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Falcons set to turn line over to Mike Tice

Mike Tice

Mike Tice

ATLANTA — Falcons owner Arthur Blank restated the team’s commitment to power football and they took another step in that direction when they reached a two-year deal with Mike Tice to become their offensive line coach, the team confirmed on Wednesday.

The failure of both offensive and defensive lines contributed heavily to the Falcons’ descent from Super Bowl contender to finishing tied for last place in the NFC South. Offensive line coaches Pat Hill and Paul Dunn were terminated along with defensive line coach Ray Hamilton.

“I think that (Smith) is looking for coaches that reflect his intensity,” Blank said. “Smitty is a very thoughtful guy … and feels that when he came to the Falcons in 2008, he was committed to playing a certain brand of (power) football, controlling the line of scrimmage offensively and defensively. To some extent, we’ve gotten away from that for a variety of reasons.

“He wants to recommit himself and recommit the team to that. He felt that the coaching changes would give him an opportunity to do that as well as any appropriate changes (to) the roster.”

Like Smith’s other recent hires, Tice has worked with him in the past. He was assistant head coach/offense on the Jacksonville staff in 2006 and was the assistant head coach/tight ends from 2007-09, while Smith served as the defensive coordinator.

After the 2011 season when Smith was looking for new coordinators, he hired Mike Nolan, who he’d worked with in Baltimore and Dirk Koetter, who was on the staff in Jacksonville.

Tice, 54, who went to Maryland, played in the league as a tight end for Seattle (1981-1988), Washington (1989), Seattle (1990-91) and Minnesota (1992-93, 95) after going undrafted.

He coached with the Vikings as the tight ends coach (1996), the offensive line coach (1997-2001) and served as the interim head coach (2001) before becoming the head coach (2002-2005).

After his Jacksonville stint, Tice was the offensive line coach for the Bears, who struggled in pass protection, in part because of Mike Martz’ passing system. He was the Bears offensive coordinator in 2012 and was terminated when they hired Marc Trestman last January.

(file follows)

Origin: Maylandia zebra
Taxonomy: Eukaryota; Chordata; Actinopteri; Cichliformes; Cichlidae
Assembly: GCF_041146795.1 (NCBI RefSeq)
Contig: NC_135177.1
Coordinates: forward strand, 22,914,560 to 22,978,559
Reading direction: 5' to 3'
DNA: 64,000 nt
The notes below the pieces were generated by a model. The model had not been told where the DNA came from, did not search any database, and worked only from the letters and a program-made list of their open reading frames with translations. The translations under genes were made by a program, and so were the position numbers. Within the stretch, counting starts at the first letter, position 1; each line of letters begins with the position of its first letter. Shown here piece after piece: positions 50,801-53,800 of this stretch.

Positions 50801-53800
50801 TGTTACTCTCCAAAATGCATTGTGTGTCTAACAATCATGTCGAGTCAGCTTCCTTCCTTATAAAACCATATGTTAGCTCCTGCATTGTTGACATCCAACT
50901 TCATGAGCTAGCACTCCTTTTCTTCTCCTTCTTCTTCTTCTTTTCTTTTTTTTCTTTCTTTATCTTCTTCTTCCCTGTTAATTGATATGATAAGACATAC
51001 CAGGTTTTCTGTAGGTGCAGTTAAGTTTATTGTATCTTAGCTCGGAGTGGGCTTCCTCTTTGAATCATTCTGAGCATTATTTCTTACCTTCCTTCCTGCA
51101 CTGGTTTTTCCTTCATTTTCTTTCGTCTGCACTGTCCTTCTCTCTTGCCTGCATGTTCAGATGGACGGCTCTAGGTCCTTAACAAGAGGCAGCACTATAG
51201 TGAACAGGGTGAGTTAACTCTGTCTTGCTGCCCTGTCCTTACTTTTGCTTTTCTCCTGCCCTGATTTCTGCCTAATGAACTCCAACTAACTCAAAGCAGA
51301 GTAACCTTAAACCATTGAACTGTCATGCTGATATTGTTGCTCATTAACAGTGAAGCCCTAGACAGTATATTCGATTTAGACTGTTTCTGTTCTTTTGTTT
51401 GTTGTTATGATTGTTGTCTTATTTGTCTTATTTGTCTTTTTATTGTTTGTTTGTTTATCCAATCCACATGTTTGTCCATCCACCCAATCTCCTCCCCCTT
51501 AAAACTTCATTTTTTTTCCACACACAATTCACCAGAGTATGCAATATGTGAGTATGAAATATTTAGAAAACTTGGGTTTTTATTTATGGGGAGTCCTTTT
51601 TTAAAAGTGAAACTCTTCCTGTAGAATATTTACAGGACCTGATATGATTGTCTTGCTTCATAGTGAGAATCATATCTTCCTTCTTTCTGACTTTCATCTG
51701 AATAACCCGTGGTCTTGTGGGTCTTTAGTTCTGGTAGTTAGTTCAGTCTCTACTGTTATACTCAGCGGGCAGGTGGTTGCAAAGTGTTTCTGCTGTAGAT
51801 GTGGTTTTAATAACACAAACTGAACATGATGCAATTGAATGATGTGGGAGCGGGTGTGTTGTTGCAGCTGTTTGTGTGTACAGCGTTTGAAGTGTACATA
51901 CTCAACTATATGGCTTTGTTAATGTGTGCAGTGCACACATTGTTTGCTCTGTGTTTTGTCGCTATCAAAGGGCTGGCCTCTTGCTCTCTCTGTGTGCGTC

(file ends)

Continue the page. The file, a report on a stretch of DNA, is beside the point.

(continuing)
Tice has a monumental task to re-shape the Falcons offensive line.

The unit allowed 44 sacks, 100 quarterback hits and allowed quarterbacks Matt Ryan and Dominique Davis to be hurried on 206 plays. On 38.4 percent of the pass attempts last season, the pocket was compromised.

With such a shoddy pocket, Ryan threw a career-high 17 interceptions and had four of them returned for touchdowns. Davis played 12 snaps against Tampa Bay before he was knocked out of the game and Ryan had to return.

The rushing attack was anemic, as it averaged just 77.9 yards per game, last in the NFL.

Center/guard Peter Konz and tackle Lamar Holmes, the central figures in the line rebuild, will have to impress Tice.

Konz, a second-round pick in 2012, gave up six sacks, three hits and 33 hurries, according to profootballfocus.com. Holmes, a third-round pick in 2012, gave up 10 sacks, 13 hits and 53 hurries. Left guard Justin Blalock was the only player with a stable grade in pass protection. The entire unit struggled with run blocking.

Ryan Schraeder, an undrafted rookie from Valdosta State, got some valuable experience late in the season.

Tice was added to whip this unit into shape. A top draft pick and/or strategic free-agent signing or two will add to the competition.

However, Tice’s line have had trouble protecting the passer, too.

In his seven seasons as an offensive line coach, his unit was ranked in the top 10 in sacks allowed three times. In 2010, his Chicago Bears line led the league with 56 sacks. In 2011, his Chicago line gave up 49 sacks, fifth in the league. In 2001, his Minnesota line gave up 47 sacks, which ranked seventh in the league.

In 1998, Tice had his best pass-protecting unit with Minnesota. They gave up 25 sacks and ranked 25th in the league.

As a head coach he went 32-33 and was 1-1 in the playoffs.

He was once fined by the league for his role in a Super Bowl ticket scalping operation.